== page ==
Pastor Walter Mitty was listening to a report on NPR’s “Morning Edition” about how the Taliban executed a second member of the group of 23 South Korean missionaries they were holding in Afghanistan, when the phone rang.

“Hi, Walt. It’s Herman.”

“Good morning, Herman. What’s going on?”

“I’d like your advice. See, your nephew has been reading a lot of these Harry Potter books; he was at the Blue Dolphin at midnight last Tuesday. Had to get his copy right away. I’m worried, Walt. Don’t those books have a lot of magic and that kind of stuff in them? I’m afraid they might give Brian some weird ideas. And besides, there’s not a thing about God in them at all.”

Pastor Walt paused. He should know something about this. “Herman, I have to admit that I’ve never read Harry Potter. I’ve heard the kids at church talk about the books, but I didn’t pay much attention.”

Mitty promised his brother that he’d do some research and hung up. Going out to the front porch to get his paper, he saw Michael Rosenthal. “Morning neighbor.” Michael waved. “Say, do you know anything about Harry Potter?”

Michael laughed. “No, Walt. I think I’m the only one that doesn’t. In his sermon Saturday morning, Rabbi Levine said he was worried about kids reading all of this stuff about magic.”

“That’s what my brother said on the phone just now. He’s worried about Brian.”

“Well, I’m not too worried,” Michael continued. “Remember how obsessed we were with Superman comic books when we were your nephew’s age? We didn’t really ever believe there were super powers. It was just a fantasy escape, wasn’t it?”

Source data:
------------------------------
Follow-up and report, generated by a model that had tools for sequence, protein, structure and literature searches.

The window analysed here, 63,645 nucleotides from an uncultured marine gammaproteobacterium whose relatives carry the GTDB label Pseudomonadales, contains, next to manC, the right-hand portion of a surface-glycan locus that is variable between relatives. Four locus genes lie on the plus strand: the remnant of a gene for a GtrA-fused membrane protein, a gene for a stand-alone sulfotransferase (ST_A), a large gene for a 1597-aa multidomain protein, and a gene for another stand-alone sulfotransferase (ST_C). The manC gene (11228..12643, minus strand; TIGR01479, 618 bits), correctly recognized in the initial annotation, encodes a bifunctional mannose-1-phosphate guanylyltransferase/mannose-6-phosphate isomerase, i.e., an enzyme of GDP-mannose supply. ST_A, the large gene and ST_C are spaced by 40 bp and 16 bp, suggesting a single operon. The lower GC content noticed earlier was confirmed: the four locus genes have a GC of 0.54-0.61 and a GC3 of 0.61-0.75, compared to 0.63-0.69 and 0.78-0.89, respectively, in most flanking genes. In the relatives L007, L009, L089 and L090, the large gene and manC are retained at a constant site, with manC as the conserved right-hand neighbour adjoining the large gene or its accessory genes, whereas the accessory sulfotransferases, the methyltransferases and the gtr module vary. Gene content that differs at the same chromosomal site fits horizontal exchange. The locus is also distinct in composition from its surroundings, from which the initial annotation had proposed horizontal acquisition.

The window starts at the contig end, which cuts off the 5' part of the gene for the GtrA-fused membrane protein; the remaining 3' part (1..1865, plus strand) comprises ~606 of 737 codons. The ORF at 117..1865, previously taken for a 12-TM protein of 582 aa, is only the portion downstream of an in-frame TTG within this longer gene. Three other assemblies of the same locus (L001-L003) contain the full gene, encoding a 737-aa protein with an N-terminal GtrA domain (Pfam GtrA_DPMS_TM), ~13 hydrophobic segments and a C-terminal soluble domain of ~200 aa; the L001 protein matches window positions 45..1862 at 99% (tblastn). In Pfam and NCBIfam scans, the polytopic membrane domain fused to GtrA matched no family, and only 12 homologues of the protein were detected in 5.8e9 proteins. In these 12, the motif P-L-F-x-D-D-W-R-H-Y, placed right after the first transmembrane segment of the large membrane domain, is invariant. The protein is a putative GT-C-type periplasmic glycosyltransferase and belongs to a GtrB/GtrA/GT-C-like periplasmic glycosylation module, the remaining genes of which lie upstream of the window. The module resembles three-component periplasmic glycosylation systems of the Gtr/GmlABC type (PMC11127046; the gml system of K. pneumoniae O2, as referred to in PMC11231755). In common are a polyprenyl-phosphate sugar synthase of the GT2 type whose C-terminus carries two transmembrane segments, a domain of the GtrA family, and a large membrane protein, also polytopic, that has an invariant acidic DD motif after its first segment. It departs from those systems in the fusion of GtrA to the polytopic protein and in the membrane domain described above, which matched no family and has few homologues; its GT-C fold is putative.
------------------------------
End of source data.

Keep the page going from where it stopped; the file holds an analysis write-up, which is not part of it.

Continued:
“Maybe you’re right,” said Mitty as he went back into his kitchen to finish his coffee. “I think I’ll see what Zaphne has to say,” he thought as he put his cup into the dishwasher. “She’s probably into Rowling.”

The first person Mitty saw as he walked into the Retro was Dominique who was studying a 1959 Hank Aaron baseball card.

“Morning, Dominique.”

“Oh, hi Pastor. I was just thinking about how Aaron accomplished what he did without using dope; without any Harry Potter magic, so to speak.”

Mitty was just about to reply when Zaphne appeared from behind a display of 45 rpm records and said, “Magic wasn’t the point of the Harry Potter series.” The two men looked puzzled. “See that Spiderman poster over there? The whole story line in superhero comics is that someone with some extra power saves the day for poor, helpless humans. But in this last Harry Potter book, it’s clear that the evil people have just as much magic as the good people. It’s human qualities like love and duty and a willingness to sacrifice that allow Harry to defeat Voldemort.”

As Pastor Walt walked home, his thoughts returned to those Korean missionaries. Were they naive and foolhardy to think they could oppose what the Taliban was doing with anything except superior power? Or, did they and J.K. Rowling understand something about power that he should have known all along? He wasn’t sure, but he did know what he was going to say to his brother.